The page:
Monday, July 20, 2009

Meet the Real Walter Cronkite

'Most trusted' newsman pushed radical agenda Joseph FarahBy Joseph Farah Posted: July 18, 2009 11:40 pm Eastern © 2009 WorldNetDaily WASHINGTON – Walter Cronkite is dead at 92 – but most Americans, many of whom considered him "the most trusted man" in the country during his reign as CBS News anchor – still don't know what motivated him and how he secured such an influential and lofty position. Walter CronkiteHe was like a grandfatherly institution in the early days of TV. People believed him. Uncle Walter wouldn't lie, America believed. Thus, when he gave his opinions, they had impact. One example was his report on the Tet offensive in Vietnam, which is credited with swinging the tide of opinion against the war. Even in his death, however, nobody has addressed how and why an otherwise obscure figure at the time was elevated to become the most prominent anchorman on television. The story was told publicly in the July 10, 2000, edition of the Nation, a Marxist-oriented journal, in a report on death of Blair Clark, who served as editor of the Nation from 1976 through 1978: "Whether it was calling on Philip Roth to recommend a Nation literary editor or persuading CBS News president Richard Salant to make Walter Cronkite anchor of CBS Evening News, Blair had a gift for the recognition and recruitment of excellence." Clark was not only the editor of the Nation, he was also heir to the Clark thread fortune, a Harvard classmate and friend of John F. Kennedy, a buddy of Washington Post Editor Ben Bradlee and the manager of Eugene McCarthy's 1968 campaign for the Democratic Party presidential nomination. He veered back and forth between politics and journalism seamlessly as an associate publisher of the New York Post, a reporter for the St. Louis Post-Dispatch, vice president and general manager of CBS News and yet remained a fixture in Democratic Party politics throughout his career. Clark wasn't the kind of man who would promote Walter Cronkite for the most visible job in journalism because of his press accomplishments alone – and his press accomplishments were noticeably meager. [CONTINUE READING]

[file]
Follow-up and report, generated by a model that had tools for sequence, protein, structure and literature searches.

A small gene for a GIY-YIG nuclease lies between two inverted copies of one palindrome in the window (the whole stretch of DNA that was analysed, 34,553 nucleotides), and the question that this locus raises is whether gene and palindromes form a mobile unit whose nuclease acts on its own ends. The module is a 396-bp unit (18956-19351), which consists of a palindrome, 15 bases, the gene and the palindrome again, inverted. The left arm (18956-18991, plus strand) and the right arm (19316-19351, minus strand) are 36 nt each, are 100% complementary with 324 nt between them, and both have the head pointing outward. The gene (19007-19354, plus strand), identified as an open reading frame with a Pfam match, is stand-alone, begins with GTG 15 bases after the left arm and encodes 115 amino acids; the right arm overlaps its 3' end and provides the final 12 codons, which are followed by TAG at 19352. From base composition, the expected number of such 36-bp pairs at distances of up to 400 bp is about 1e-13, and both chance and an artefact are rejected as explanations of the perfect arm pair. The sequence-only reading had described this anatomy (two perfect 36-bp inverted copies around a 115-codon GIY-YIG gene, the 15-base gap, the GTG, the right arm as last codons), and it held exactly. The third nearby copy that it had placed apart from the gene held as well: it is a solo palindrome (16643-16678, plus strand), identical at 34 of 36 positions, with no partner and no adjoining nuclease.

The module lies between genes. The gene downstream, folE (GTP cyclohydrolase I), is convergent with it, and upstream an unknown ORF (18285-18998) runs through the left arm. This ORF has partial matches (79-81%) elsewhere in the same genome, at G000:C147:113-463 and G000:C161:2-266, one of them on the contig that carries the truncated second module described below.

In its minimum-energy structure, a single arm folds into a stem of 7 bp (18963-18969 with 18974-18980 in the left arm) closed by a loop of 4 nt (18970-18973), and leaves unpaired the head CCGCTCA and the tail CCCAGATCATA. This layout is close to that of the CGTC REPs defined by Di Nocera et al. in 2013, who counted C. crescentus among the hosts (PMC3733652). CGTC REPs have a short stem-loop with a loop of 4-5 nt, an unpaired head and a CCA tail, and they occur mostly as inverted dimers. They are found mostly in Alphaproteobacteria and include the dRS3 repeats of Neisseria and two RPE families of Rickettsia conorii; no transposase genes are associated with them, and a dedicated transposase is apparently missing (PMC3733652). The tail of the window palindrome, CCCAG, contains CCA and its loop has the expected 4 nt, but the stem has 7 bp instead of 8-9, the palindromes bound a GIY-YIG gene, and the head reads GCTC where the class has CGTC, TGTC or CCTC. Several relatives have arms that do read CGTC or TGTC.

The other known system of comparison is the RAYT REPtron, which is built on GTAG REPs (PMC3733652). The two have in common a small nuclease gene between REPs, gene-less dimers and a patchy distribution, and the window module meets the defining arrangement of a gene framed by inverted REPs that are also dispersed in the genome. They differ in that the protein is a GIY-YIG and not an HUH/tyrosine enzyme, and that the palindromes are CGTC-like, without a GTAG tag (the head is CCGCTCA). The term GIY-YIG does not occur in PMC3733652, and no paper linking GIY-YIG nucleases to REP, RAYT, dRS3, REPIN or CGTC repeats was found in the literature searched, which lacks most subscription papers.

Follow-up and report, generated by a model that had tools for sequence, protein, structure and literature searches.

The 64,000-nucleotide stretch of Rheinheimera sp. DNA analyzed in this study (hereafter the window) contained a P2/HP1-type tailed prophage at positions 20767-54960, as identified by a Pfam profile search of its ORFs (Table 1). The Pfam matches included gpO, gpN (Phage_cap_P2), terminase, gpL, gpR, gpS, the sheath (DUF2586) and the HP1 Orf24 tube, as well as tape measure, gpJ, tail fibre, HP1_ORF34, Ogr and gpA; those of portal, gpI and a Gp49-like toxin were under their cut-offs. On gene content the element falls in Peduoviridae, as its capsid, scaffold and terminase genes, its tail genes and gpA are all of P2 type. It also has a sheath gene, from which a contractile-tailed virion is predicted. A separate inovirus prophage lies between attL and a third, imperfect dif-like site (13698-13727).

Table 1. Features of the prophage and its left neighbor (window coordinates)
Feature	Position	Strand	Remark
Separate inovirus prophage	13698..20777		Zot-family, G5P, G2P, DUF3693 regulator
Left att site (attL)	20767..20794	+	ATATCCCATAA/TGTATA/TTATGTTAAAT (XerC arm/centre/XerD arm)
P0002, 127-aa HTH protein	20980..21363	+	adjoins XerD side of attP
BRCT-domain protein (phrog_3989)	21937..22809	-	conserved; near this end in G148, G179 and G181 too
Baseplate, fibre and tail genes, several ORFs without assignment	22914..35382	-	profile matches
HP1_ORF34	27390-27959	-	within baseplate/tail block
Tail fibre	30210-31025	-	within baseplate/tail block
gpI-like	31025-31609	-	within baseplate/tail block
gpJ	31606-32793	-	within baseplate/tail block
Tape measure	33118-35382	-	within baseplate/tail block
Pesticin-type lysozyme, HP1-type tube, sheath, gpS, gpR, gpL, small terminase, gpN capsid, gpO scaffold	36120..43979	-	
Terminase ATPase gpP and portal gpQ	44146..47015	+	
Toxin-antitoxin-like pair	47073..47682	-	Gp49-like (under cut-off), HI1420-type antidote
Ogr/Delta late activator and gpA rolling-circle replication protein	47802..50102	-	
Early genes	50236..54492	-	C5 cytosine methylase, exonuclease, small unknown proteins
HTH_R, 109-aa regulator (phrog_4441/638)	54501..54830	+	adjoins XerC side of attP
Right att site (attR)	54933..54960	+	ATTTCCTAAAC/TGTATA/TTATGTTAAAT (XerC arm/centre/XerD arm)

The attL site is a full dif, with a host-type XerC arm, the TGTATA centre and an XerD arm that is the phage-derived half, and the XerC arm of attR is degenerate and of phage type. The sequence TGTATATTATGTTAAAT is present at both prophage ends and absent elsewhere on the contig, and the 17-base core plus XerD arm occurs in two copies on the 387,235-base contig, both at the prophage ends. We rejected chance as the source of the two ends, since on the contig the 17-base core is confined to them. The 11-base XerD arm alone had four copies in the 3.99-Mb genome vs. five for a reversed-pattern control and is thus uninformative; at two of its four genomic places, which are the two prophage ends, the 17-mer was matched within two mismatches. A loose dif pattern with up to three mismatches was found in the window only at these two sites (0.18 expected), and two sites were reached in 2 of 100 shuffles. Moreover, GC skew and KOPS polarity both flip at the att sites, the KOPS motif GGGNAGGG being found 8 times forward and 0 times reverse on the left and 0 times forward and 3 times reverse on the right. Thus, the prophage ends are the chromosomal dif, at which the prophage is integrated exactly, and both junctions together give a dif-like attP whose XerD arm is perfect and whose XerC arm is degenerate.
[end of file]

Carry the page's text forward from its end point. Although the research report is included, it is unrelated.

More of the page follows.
FROM MY VIEW When I say, CONTINUE READINGI mean it. Read the rest of Joseph Farah's column. I know, it sounds so cold and cruel of me (and Farah) to be bringing up something about somebody so recently reaching room temperature, but is vitally important that you hear this now, while you still remember who he was, from your perspective. Well, while the MSM is all gushing and so full of the greet quantities of warm fuzzies for the man, the one who people trusted, and now revere and memorialize, I'm thinking that maybe the coverage needs to be fair and balanced. There are things that Walter Cronkite told the public in his later years that you need to be aware of. What is so important about that, where I would talk about somebody that is no longer with us? It may be that I have to wonder if the man's worldviews may have influenced what he provided us with as a respected and trusted news anchor. Could it be that he would only tell us what he thought we needed to know, from his own One World Government perspective? (By the way, I doubt Tony Snow or Paul Harvey, just after they passed on, always had the most reverant coverage by those on the other side of the politcal spectrum...) Bookmark and Share

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